Roadmap to the New Normal

Whether classes are online or in-person, Touro Nevada continues in its mission to provide high quality education. For information on classes and business operations, read Touro University Nevada's Roadmap to the New Normal and all Coronavirus updates. Touro Nevada students continue to provide free K-12 tutoring, undergraduate tutoring, or other community assistance. View #MedReady to learn more.

Faculty Focus: Dr. Steven Liaos, Associate Professor, School of Physical Therapy

In this edition of “Faculty Focus,” we sat down with Dr. Steven Liaos.
May 30, 2019

Dr. Steven Liaos is an Associate Professor in the Touro University Nevada School of Physical Therapy.

Where are you from? And what was it like growing up?

I was born in Wheeling, West Virginia but when I was 2, we moved to the San Fernando Valley in Southern California. I enjoyed the proximity to the beach which was only 30 minutes away, and in the other direction, the mountains weren’t too far away either. I was really into road biking in high school, so I spent a lot of time on my bike. There were a lot of trips over Sepulveda Pass going to the Santa Monica Pier.

When did you discover you wanted to be a physical therapist?

I originally went to UCLA on an Air Force ROTC Scholarship for aerospace engineering because I wanted to be a pilot. During my first year, I was told I couldn’t be a pilot because I had 20/30 vision in one eye and I needed 20/20 vision. I had to make a decision during my sophomore year, and I decided to drop my scholarship and change my major to physiological psychology. My story is similar to a lot of physical therapists: I had various injuries playing sports as a teenager and was familiar with physical therapy. The thought of spending my day working with people interested me. It really helped me decide that PT was what I wanted to do.

How did you end up working at Touro University Nevada?

I knew early on in my career that I wanted to go into education. I went through a transitional DPT program in 2004 so that I would be qualified to teach, which was also the year after we moved to Las Vegas. I was working as the Regional Therapy Manager overseeing 10 clinics in Nevada while also working on a per diem basis for Cirque du Soleil, so I didn’t have many opportunities to end up in the classroom. In late 2011, Dr. Jim McKivigan was working per diem for one of the clinics I was managing. He reached out to me and asked if I’d be interested in being a lab assistant as an adjunct faculty for his spinal conditions course. I figured it would give me a foot in the door in education, so I agreed. I came in for an interview and was offered a full-time position at TUN a week later.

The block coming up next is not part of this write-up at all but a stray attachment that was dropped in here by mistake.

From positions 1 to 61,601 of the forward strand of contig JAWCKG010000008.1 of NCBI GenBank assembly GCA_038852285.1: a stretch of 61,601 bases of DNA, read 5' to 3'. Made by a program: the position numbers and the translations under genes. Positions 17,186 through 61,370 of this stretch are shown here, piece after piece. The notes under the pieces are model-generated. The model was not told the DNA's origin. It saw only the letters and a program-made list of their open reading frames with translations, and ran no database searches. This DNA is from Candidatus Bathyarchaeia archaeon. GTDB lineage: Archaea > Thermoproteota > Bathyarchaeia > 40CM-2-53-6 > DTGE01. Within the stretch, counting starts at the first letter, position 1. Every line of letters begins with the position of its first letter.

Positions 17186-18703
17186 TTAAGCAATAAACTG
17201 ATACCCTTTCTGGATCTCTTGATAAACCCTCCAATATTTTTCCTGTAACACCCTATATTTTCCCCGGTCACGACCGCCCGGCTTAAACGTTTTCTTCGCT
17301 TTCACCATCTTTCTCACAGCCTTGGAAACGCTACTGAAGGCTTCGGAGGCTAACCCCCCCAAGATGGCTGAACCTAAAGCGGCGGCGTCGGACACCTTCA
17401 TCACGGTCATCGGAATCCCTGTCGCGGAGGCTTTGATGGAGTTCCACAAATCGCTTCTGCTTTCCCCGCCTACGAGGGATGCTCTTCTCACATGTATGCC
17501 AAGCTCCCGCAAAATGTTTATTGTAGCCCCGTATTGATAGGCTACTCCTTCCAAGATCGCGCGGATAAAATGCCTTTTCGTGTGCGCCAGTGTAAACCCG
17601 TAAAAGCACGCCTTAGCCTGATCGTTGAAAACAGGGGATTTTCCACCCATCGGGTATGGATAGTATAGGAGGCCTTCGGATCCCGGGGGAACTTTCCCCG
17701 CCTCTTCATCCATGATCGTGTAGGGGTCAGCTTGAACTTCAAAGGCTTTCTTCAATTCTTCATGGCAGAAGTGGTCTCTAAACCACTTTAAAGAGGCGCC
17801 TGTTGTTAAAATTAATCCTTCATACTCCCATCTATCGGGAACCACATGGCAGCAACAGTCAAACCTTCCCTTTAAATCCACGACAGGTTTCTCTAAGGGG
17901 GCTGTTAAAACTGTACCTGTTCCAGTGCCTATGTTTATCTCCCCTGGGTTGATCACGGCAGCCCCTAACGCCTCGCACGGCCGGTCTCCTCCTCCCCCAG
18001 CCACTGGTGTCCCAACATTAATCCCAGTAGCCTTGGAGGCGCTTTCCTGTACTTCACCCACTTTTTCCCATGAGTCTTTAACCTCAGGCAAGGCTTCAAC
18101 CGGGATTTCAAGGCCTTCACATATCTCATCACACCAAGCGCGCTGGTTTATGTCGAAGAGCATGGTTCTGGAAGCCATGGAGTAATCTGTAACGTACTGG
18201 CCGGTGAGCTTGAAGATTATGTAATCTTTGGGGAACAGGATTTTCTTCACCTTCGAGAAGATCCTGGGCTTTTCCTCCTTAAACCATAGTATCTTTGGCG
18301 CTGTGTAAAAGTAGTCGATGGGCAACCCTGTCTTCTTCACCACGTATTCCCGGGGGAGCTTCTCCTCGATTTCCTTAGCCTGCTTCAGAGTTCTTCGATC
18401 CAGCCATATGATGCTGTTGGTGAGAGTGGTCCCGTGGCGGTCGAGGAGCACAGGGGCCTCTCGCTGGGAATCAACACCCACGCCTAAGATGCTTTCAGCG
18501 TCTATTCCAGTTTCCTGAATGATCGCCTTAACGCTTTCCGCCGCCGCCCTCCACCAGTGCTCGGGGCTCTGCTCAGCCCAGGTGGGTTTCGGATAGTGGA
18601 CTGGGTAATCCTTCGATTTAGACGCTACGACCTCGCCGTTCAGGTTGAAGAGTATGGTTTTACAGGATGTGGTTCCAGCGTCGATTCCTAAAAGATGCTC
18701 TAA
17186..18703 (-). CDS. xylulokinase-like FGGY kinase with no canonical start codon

Can you explain what you love so much about working here?

I enjoy that Touro has a strong focus on healthcare and education, and that I have the ability to interact with other healthcare providers. It’s also my rationale for being head of the Interprofessional Education (IPE) Committee. I feel that we can offer our patients so much if we work together instead of sitting in silos. I like that the students also have that opportunity. The PT students are interacting daily with the DO students, the PA students, and the OT students. 

In the clinic, this collaborative effort best serves our patients because we’re all working together. Healthcare isn’t owned by any one profession, which is why collaboration is important.

Why do you enjoy training the future generation of PTs?

I have a passion for my profession, and I always had worked in mentoring roles during my clinical years. Part of my previous role was to on-board and mentor new hires, and I really enjoyed the process of being able to influence the next generation of physical therapists. The knowledge that I pass along to our students will make a difference when they work in the clinic, so it’s almost like I never left the clinic.

If you could give your students a single piece of advice, what would it be?

Take the time to meet the patient where he/she is, and always keep in mind that the patient comes first. Make sure that everything is patient-centered so that everything you do is aligned with the goals of that particular patient. You might have five patients with the same diagnosis but you need to treat each one of them differently. 

What do you enjoy doing in your free time?

I love spending time with my family. I have two daughters, one who’s about to start college at Arizona State University. I also like to stay active, though lately, not as much as I should be. I’m a huge Pittsburgh sports fan. Even though I left West Virginia when I was 2, I’ve always maintained my allegiance to the Pittsburgh teams.

Learn More About Touro Nevada's PT Program